## 1. Introduction

[2] Air quality simulation involves complex numerical models that rely on large amounts of data from different sources. Most of the input data is provided with high uncertainties in their time evolution, spatial distribution and even average values. Chemistry-transport models are themselves subject to uncertainties in both their physical formulation and their numerical formulation. The multi-scale nature of the problem leads to the introduction of subgrid parameterizations that are an important source of errors. The dimensionality of the numerical system, involving up to hundreds of pollutants in a three-dimensional mesh, is much higher than the number of observations, which also leads to high uncertainties in non-observed variables.

[3] In order to quantify the uncertainties, classical approaches rely on Monte Carlo simulations. The input fields and parameters of the chemistry-transport model are viewed as random vectors or random variables. These are sampled according to their assumed probability distribution, and a model run is carried out with each element of the sample. The set of model outputs constitutes a sample of the probability distribution function of the output concentrations. Typically, the empirical standard deviation of the output concentrations measures the simulations uncertainties. This approach has been applied for air quality simulations [*Hanna et al.*, 1998, 2001; *Beekmann and Derognat*, 2003].

[4] Another approach is the use of models which differ by their numerical formulation or physical formulation. The models can originate from different research groups [e.g., *van Loon et al.*, 2007; *Delle Monache and Stull*, 2003; *McKeen et al.*, 2005; *Vautard et al.*, 2009] or from the same modular platform [*Mallet and Sportisse*, 2006]. In addition to this multimodel strategy, the input data can also be perturbed so that all uncertain sources are taken into account. It is also possible to choose between different emission scenarios and meteorological forecasts as *Delle Monache et al.* [2006a, 2006b] did. *Pinder et al.* [2009] split the uncertainty into a structural uncertainty due to the weaknesses in the physical formulation and a parametric uncertainty due to the errors in the input data. *Garaud and Mallet* [2010] built the ensemble with several models randomly generated within the same platform and with perturbed input data.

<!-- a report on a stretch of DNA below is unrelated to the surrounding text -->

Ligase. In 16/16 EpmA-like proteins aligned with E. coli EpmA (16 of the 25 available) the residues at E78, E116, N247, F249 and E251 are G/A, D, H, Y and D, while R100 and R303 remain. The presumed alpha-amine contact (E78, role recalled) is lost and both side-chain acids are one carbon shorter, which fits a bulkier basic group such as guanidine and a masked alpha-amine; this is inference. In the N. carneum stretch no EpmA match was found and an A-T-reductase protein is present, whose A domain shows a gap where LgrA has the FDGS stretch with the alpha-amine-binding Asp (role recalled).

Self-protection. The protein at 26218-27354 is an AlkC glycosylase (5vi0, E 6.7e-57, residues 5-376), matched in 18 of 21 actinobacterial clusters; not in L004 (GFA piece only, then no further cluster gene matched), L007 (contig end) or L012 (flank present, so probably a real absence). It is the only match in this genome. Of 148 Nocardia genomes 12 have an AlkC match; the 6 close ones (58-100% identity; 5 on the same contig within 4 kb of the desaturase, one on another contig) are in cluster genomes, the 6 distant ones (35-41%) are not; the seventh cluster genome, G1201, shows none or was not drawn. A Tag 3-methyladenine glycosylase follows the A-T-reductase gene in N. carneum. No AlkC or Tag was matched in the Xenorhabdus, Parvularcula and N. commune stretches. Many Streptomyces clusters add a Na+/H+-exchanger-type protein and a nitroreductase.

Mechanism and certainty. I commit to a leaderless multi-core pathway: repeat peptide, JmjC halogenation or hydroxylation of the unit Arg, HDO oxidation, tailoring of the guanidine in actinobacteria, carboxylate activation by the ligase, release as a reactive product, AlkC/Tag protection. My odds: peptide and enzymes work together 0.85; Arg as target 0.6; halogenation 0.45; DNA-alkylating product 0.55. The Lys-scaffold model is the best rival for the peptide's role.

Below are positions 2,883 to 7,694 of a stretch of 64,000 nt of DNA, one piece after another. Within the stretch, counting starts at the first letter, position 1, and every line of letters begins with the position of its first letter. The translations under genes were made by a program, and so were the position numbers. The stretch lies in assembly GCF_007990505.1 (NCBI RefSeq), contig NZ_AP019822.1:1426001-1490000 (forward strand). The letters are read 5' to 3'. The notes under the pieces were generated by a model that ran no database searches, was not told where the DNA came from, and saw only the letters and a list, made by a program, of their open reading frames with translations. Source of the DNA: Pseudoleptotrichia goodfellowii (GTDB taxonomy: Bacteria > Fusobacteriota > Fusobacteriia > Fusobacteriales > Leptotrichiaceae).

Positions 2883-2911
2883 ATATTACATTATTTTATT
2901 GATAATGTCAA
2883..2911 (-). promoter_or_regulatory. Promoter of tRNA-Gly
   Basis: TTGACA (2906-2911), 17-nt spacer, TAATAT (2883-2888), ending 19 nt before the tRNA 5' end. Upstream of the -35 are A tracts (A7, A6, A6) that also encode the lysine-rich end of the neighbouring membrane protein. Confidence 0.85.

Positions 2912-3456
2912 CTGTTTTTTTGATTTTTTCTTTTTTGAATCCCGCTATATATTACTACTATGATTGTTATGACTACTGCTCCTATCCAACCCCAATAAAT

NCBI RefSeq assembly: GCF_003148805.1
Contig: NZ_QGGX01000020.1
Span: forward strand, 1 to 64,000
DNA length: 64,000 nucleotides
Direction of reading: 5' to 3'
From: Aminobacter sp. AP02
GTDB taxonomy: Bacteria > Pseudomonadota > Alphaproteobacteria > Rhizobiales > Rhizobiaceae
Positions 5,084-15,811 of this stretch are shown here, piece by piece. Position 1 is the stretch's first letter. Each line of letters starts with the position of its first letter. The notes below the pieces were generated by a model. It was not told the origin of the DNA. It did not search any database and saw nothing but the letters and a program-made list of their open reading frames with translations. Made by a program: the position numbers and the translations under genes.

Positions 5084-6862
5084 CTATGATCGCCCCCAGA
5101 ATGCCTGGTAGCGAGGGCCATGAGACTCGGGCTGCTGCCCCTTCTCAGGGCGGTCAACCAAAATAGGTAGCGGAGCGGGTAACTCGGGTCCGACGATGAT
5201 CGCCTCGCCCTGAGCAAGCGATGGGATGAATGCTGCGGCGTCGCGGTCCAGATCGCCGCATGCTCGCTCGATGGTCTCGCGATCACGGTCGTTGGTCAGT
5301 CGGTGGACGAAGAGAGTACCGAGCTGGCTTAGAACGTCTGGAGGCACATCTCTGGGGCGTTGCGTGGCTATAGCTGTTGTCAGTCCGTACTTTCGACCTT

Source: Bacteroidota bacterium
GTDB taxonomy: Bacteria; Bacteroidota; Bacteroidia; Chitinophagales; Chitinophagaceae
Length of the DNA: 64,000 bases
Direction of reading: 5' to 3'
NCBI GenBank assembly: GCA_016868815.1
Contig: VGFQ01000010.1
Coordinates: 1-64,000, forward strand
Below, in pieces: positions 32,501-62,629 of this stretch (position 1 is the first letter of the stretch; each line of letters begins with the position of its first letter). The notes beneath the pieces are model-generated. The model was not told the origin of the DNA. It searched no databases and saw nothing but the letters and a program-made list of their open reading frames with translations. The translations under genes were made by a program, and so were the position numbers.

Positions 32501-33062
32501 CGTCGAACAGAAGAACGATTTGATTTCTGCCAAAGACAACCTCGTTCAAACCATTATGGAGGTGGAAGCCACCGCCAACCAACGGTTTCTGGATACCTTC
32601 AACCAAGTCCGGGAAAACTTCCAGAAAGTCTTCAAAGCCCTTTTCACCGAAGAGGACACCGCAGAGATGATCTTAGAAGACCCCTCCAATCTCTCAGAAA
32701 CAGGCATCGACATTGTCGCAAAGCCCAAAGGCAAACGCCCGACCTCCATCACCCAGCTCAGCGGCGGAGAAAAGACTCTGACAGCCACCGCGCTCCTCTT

[5] Whatever the strategy for the generation of an ensemble, several assumptions are made by the modelers. One needs to associate probability density functions to every input field or parameter to be perturbed. Under the usual assumption that the distribution of a field or parameter is either normal—or log-normal, one has to estimate a median and a standard deviation. For a field, providing a standard deviation is complex as it should take into account spatial correlations, and possibly time correlations. As for multimodel ensembles, one has little control over the composition of the models when they are provided by different teams. When the models are derived within the same platform, the key points are the amount of choice in the generation of an individual model, and the probability associated to each choice. Once all the assumptions and choices have been made, it is technically possible to generate an ensemble. However, it is quite difficult to determine the proper medians and standard deviations of the perturbed fields, and to design a multimodel ensemble that properly takes into account all formulation uncertainties.

[6] In order to evaluate the quality of an ensemble, several a posteriori scores compare the ensemble simulations with observations. These scores, such as rank histograms, reliability diagrams or Brier scores, assess the reliability, the resolution or the sharpness of an ensemble. For instance, a reliable ensemble gives a well estimated probability for a given event in comparison to the frequency of occurrence of this event, whereas the resolution describes the capacity of an ensemble to give different probabilities for a given event.

[7] Improving the quality of an ensemble should lead to improved scores, e.g., to a flat rank diagram or low Brier score. One strategy could be tuning the perturbations of the input fields or optimizing the design of the multimodel ensemble (that is, choosing or developing physical parameterizations or numerical schemes, and better weighting each design option), so as to minimize or maximize some score. This is a complex and computationally expensive task that would require the generation of many ensembles.

[8] In this paper, we adopt a strategy based on a single, but large, ensemble. Out of a large ensemble, a combinatorial optimization algorithm extracts a sub-ensemble that minimizes (or maximizes) a given score such as the variance of a rank diagram. This process is referred to as (a posteriori) calibration of the ensemble. Section 2 describes it in detail. It is applied in Section 3 to a 101-member ensemble of ground-ozone simulations with full chemistry-transport models run across Europe during the year 2001. The scores of the full ensemble and the optimized sub-ensemble (i.e., the calibrated ensemble) are studied, based on observations at ground stations. In Section 4, the uncertainty estimation given by the calibrated ensemble is analyzed. In Section 5, probabilistic forecasts for threshold exceedance are studied.